1.2.2 There are examples of assumptions
about family life, how relatives or neighbours might behave, how
informers and secret police work, how homosexuality is treated,
how converts to Christianity might be treated.
"it is not accepted
that the incident happened as you stated" There
are no reasons given for not accepting the account.
The Home Office offers no
evidence to discredit oral statement of events. The arguments
the HO uses to discredit statements rely on distorting the picture
through misinterpretations, assumptions, omissions and errors
and everywhere lack of knowledge and understanding of the reality
of life in Iran. (Refer to United Nations guidelines on Standard
The objective evidence
from Iran does show that bribery is common, but without any
other evidence it is assumed that it is "Highly unlikelythat
any individual officer would take the risk."
1.2.3 Caseworkers ignorance of basic facts
about the Country of Origin or specific information has added
to the accumulation of doubts that have undermined credibility.
A simple example is where the claimant gave the "wrong date"
for Christmas: but in fact he had converted to Orthodox Christianity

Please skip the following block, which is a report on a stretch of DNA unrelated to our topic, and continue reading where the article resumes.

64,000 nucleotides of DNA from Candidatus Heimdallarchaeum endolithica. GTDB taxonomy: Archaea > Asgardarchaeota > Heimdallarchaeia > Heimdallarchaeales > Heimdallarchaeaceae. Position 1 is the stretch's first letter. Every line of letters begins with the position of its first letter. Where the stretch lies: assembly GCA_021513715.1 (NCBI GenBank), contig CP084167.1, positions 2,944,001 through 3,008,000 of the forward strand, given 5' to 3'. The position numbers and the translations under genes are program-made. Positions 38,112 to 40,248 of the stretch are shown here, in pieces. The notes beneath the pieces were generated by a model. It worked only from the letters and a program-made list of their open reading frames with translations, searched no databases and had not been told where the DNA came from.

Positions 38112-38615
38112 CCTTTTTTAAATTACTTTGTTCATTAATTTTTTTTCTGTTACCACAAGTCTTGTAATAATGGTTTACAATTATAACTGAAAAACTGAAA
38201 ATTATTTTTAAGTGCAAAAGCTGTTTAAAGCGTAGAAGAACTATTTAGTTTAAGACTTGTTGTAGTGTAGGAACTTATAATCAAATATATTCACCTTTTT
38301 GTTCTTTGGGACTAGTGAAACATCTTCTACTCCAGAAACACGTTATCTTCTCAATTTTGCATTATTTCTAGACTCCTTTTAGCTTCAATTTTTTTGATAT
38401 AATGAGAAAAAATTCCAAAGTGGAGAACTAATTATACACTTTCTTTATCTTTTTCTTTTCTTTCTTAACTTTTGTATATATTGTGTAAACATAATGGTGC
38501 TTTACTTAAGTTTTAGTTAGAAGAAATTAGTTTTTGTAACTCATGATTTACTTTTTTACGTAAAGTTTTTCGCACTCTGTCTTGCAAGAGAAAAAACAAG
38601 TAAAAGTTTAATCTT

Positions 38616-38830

so his answer was "right".
"The adjudicator says
that my activities for the KDPI were at a low level. In fact the
village people like me and my family who support Peshmerga are
very important to the Kurdish struggle. People who help the fighting
men of Peshmerga do `attract adverse attention' from the Eleaat
(Iranian authorities). The Peshmerga are young men who hide in
the mountains. They are difficult to find. They only survive with
the help from Kurdish villages. The best way, the only way the
Iranian government has to fight them is to frighten people like
my family who support them". Country of origin reports
supported this but was not sufficient to re-establish credibility
The activities "were
sufficiently low-level" and would not "have brought
you to the adverse attention of the authorities" Country
of Origin reports are ignored.
More complex was the claim by
the Home Office that a particular group had had no leader since
1978, when in fact a simple internet search showed that the leader
the claimant was talking about had been killed only a few years
ago. The Caseworker had obviously researched but not found accurate
1.2.4 There have been recommendations made
about training of Caseworkers in making initial decisions in the
attached reports. The UNHCR guidelines on Burden and Standard
of Proof deal with the matter of credibility, assumption and country